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Volume 42, Number 1, January/February 2005
Pages 19 — 28


A measure of neurobehavioral functioning after coma. Part II: Clinical and scientific implementation

Theresa Louise-Bender Pape, DrPH, MA, CCC-SLP/L;1-4* Ricardo G. Senno, MD, MS; Ann Guernon, MS, CCC-SLP/L;3 James P. Kelly, MA, MD5

1Department of Veterans Affairs (VA), Veterans Health Administration, Research Service, Edward Hines Jr. VA Hospital, Hines, IL; 2Marianjoy Rehabilitation Hospital, Wheaton, IL; Northwestern University, Feinberg School of Medicine, 3Department of Physical Medicine and Rehabilitation and 4Institute for Health Services Research and Policy Studies, Chicago, IL; 5University of Colorado School of Medicine, Department of Neurosurgery, Denver, CO
Abstract — This longitudinal validation study is Part II of a two-part series. Part I focuses on the methods used to construct the neurobehavioral measure derived from the Disorders of Consciousness Scale (DOCS) as well as the evidence of reliability and validity. Part II illustrates, through a series of selected case reports, the clinical use of repeated DOCS measures to enhance and complement medical rehabilitation management. The use of repeated DOCS measures in scientific investigations of mechanisms of injury is also described. Participants included patients at rehabilitation hospitals who were 18 years of age and older and unconscious after severe brain injury. Medical decision making regarding short-term effects of pharmacological intervention was augmented and improved through the examination of individual neurobehavioral recovery patterns. We identified medications to treat secondary medical complications and successfully determined effective dosage, presumably improving prognosis for recovery. We facilitated and enhanced development and refinement of individualized rehabilitation programs. Two investigations of treatment effectiveness during coma recovery and examination of the relationship between behavioral changes and neural adaptation are also described. By systematically tracking and mapping individual patterns of neurobehavioral recovery, we show that medical and rehabilitation management after coma can be enhanced. In addition, we also show that by examining the relationship between the DOCS neurobehavioral measure with mechanistic indicators of neurological recovery such as functional magnetic resonance imaging, scientific investigations of treatment and rehabilitation effectiveness can be enhanced.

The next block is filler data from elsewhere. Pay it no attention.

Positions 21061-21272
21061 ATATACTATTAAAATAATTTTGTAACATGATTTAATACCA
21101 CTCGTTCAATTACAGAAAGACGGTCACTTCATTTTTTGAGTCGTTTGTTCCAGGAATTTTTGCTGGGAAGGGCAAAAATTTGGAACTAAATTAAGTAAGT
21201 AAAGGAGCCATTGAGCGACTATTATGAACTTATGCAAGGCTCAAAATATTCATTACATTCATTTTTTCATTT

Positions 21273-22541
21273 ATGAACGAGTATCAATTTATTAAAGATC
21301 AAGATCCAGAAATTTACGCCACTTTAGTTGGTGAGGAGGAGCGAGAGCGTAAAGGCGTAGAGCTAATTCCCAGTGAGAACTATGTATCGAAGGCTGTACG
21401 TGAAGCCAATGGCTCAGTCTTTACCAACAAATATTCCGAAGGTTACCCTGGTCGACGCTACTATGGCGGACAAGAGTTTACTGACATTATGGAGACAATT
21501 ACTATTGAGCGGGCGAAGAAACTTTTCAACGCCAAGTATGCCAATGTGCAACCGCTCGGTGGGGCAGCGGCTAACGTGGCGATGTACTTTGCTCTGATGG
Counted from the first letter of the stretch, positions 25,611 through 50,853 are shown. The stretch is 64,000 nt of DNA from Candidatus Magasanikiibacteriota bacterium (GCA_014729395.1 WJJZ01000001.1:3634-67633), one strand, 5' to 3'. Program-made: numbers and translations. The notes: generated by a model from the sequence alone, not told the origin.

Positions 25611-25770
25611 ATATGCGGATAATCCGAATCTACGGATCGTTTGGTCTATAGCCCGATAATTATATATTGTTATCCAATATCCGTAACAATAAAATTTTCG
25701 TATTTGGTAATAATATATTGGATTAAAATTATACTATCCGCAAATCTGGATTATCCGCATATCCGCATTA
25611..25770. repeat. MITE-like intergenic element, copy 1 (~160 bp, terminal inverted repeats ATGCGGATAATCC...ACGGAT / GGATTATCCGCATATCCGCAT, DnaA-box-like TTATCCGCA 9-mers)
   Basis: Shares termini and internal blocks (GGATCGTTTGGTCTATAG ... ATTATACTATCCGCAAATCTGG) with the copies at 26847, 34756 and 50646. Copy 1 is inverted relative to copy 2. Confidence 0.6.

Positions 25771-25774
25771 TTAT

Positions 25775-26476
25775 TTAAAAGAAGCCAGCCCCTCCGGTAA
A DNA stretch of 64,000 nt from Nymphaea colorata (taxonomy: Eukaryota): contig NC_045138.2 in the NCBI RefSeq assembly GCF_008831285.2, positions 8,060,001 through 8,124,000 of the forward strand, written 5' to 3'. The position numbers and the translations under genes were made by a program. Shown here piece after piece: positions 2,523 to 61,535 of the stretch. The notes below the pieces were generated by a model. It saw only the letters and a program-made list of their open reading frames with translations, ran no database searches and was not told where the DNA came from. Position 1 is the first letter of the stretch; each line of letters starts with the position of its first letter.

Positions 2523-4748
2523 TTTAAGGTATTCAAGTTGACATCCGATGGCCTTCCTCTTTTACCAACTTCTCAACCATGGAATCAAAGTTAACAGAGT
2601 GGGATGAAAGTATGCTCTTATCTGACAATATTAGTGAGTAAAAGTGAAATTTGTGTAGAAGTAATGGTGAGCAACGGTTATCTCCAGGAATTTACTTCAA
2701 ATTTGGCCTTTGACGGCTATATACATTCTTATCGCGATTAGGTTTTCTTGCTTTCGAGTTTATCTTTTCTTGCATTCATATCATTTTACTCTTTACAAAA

Key words: brain injury, coma recovery, measurement, medical management, outcomes, prognostication, translation of research into practice.

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